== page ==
Last night, I attended the 5th annual Skinny awards, hosted by Leonie Haimson of Class Size Matters. A large and enthusiastic crowd cheered this year’s winners: teacher bloggers Gary Rubinstein and Arthur Goldstein.

Gary Rubinstein teaches at Stuyvesant High School. He was honored as a great blogger, with special mention of his deconstruction and demolition of NYC’s “teacher data reports.” Gary showed that they were random and worthless.

Here is his latest post:

Arthur Goldstein teaches at Frances Lewis High School. He blogs at
Arthur writes with the most amazingly sardonic wit. He has roasted the Powers-that-be to well-done in a thousand different ways. I used to think I was first to say that VAM was “junk science,” but Leonie said that a careful review demonstrated that Arthur beat me to it. (Apparently Michael Simpson of the Office of General Counsel at the NEA was truly first in the world to label VAM junk science, in an article titled “L.A. Story: How the Los Angeles Times used junk science to malign an entire city of teachers).

I would have an impossible time picking out his best blogs. Here are a few recent ones. Here you will read about the most perfect mayor ever of all time and any place, whose reforms have transformed NYC into utopia. Here is his latest on our state commissioner John King, who is referred to sometimes as Reformy John, as here, but sometimes as King John. And here he shows the genius of both. And those are only the latest. He has been skewering the mighty for years and has been an inspiration to people like me.

Surprisingly, when these two accepted their awards, they switched roles. Arthur, the wit, spoke briefly and modestly. Gary, the serious mathematician and data cruncher, delivered a hilarious spoof. He used reformer language to describe the terrible crisis stalking the land: mediocre education journalism. He explained that bloggers emerged to save readers trapped into failing mainstream media. He said that scientific evidence conclusively demonstrated….something about three times in a row or three times as much.

Watch the video (luckily, Norm Scott was there to tape the event). I hope Gary prints his speech on his blog. If you have trouble hearing him, it is because the audience was laughing so much.

Leonie Haimson is Néw York City’s one-person Truth Squad.

While Schools Chancellor Dennis Walcott was telling anyone who would listen about the stellar education record of the Bloomberg years, Haimson marshaled data to demonstrate that New York City made less academic progress on the federal tests than any city other than Cleveland.

She lacerated the administration for its indifference to class size, now at its highest point in 14 years.

And she shocked her Bronx audience by explaining that the city was releasing confidential student data without parental consent to inBloom, to be mined by vendors.

Haimson is the leader of Class Size Matters and a co-founder of Parents Across America. She is also a director of the Network for Public Education.

As readers know, the corporate reform smear machine went after activist Leonie Haimson last week.

She has been an outspoken champion for class size reduction. She has been NYC’s leading critic of the Bloomberg administration’s policy, most especially, its love of testing and closing schools. She has also been relentless in challenging charter school co-locations in public space.

Last week, Gotham Schools ran an article questioning whether she can continue to be an advocate because her son is entering a private school. The next day, a story about the flap appeared in the Wall Street Journal.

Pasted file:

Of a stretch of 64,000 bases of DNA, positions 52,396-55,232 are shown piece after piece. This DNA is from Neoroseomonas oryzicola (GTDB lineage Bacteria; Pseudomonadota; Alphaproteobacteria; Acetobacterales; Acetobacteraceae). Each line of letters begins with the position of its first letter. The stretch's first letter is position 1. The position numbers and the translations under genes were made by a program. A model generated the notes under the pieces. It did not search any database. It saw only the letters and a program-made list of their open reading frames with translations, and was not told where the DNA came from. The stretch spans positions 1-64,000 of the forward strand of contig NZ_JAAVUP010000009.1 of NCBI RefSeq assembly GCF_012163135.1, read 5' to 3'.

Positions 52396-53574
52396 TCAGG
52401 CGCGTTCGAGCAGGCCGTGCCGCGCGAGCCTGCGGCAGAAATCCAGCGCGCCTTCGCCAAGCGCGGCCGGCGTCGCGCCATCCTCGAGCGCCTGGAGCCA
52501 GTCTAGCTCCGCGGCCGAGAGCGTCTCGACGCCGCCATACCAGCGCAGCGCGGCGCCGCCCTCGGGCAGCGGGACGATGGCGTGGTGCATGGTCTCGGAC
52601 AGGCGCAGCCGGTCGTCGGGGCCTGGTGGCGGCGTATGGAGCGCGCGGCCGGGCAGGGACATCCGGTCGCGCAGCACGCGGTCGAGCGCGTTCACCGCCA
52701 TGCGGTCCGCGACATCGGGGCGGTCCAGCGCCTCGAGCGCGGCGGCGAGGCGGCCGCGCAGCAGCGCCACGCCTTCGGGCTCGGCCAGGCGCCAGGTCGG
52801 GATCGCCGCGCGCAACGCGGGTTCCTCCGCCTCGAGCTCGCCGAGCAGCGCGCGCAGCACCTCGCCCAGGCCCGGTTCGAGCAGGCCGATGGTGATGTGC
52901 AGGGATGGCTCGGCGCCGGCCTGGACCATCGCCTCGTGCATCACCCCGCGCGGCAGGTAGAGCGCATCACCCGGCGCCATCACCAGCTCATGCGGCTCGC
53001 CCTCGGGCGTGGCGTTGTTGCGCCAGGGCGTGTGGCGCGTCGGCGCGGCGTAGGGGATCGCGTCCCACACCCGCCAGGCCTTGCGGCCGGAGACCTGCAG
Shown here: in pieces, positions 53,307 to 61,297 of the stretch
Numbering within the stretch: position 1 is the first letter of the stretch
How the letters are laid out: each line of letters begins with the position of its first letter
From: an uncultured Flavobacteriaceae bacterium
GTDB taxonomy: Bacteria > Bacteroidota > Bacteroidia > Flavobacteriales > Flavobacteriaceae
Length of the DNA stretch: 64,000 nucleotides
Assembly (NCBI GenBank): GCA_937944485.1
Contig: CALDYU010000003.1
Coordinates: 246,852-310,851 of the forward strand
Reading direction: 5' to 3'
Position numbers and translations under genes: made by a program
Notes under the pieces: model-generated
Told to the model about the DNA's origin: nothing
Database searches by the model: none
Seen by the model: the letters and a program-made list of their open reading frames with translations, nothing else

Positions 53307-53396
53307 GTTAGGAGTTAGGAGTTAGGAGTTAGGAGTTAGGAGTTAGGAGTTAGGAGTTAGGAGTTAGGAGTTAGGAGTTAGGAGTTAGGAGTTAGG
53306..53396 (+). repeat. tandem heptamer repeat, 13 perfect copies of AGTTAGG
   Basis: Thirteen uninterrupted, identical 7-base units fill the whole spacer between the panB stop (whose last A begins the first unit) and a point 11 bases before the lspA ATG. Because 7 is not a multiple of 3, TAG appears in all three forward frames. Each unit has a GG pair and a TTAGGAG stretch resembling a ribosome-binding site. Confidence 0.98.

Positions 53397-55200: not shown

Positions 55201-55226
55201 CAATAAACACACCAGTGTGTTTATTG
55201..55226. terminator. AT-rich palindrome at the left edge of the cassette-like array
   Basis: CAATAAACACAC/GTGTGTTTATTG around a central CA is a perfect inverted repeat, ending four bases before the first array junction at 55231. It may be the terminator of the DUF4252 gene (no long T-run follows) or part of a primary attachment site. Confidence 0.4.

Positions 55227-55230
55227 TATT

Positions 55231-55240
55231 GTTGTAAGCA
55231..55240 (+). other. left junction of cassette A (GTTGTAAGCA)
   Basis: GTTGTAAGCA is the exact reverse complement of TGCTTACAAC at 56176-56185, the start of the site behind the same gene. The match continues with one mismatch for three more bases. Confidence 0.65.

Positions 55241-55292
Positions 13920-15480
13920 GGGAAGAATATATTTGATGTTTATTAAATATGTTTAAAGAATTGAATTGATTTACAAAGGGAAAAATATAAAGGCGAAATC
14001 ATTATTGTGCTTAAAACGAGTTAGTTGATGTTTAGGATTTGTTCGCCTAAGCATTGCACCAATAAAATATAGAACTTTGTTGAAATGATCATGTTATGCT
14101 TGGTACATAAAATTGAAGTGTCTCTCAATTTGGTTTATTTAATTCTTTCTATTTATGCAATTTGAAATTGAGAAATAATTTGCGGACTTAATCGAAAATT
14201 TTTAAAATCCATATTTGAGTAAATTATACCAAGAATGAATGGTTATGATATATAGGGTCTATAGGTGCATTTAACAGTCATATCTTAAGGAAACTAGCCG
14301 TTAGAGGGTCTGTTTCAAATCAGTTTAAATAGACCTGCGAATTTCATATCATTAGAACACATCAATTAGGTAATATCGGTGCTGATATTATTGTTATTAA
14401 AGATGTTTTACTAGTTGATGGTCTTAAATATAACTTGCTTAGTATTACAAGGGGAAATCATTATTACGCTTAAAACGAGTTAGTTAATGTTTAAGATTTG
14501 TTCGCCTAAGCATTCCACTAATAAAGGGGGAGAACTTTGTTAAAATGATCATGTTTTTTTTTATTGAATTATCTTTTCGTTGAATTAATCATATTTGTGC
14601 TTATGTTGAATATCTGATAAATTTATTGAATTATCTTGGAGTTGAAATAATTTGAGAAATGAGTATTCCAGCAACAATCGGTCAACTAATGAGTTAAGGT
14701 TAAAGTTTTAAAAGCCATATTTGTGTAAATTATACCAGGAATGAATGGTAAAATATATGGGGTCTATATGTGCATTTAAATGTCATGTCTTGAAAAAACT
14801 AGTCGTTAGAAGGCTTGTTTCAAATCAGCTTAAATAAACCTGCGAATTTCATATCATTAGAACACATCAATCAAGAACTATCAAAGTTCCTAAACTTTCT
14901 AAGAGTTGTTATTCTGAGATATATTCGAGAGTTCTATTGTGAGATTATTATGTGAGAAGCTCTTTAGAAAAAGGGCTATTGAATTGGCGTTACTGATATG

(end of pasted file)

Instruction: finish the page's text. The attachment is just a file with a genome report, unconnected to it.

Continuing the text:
Jersey Jazzman puts an end to the speculation. He say Leonie is an American hero. Her hundreds of followers have said the same.

Game over. Reformer smear machine failed.

Gotham Schools ran a story that questioned why the city’s leading advocate for public schools had enrolled her son in a private high school after many years as a public school parent. The story subtly implied that she may have lost her right to advocate for public schools because she was no longer a parent of a public school student.

Leonie Haimson founded Class Size Matters and is a co-founder of Parents Across America. She is a fearless critic of high-stakes testing and of the Bloomberg administration. She has been the most articulate and persistent supporter of class size reduction. She currently is waging war against the titans who are invading student privacy. She works out of her home with no pay and a shoestring budget.

You can see why powerful people would want to discredit her. She is a force, she has a large following, and she threatens them.

Consider the premise of the article: only public school parents may advocate for public schools.

This is classic corporate reform ideology. Corporate reformers use this specious ideology to argue for the parent trigger, claiming that the school belongs to the parents and they should be “empowered” to seize control and give it to a charter corporation.

This is as wrong as the attack on Haimson.

The public schools belong to the public. They are a public responsibility. Everyone has the right to advocate for them as well as to criticize them.

You don’t have to be a public school parent to care about our public schools. You don’t even have to be a parent. You just need to care about children and the future of our society.

Full disclosure: I am on the board of Class Size Matters. I know Leonie as a woman of intellect, principle, and integrity. Her courage inspires me and many others in the struggle for better schools.

Also, FYI, I am a product of the Houston public schools, K-12. My two grown sons went to private schools in NYC. I have three grandsons. The older two attended religious schools. The youngest is a public school student in Brooklyn. I support public education. That is my right as a citizen, regardless of where my offspring went to school.

Michelle Rhee will be speaking at New York City’s Cornell Club, to promote her new book “Radical”, on Tuesday Feb. 5, 2013 at 6 PM. (6 East 44th St (between 5th and Madison, map here.) ,

New Yorkers for Great Public Schools, Class Size Matters and other pro-public education parents and advocates will be there to protest Rhee’s destructive policies and proposals, including her push to eliminate ANY caps on class size. More on how Rhee wants to undermine and privatize our public schools, see the parent Rhee-port card here.

For more information about the rally by pro-education advocates, email .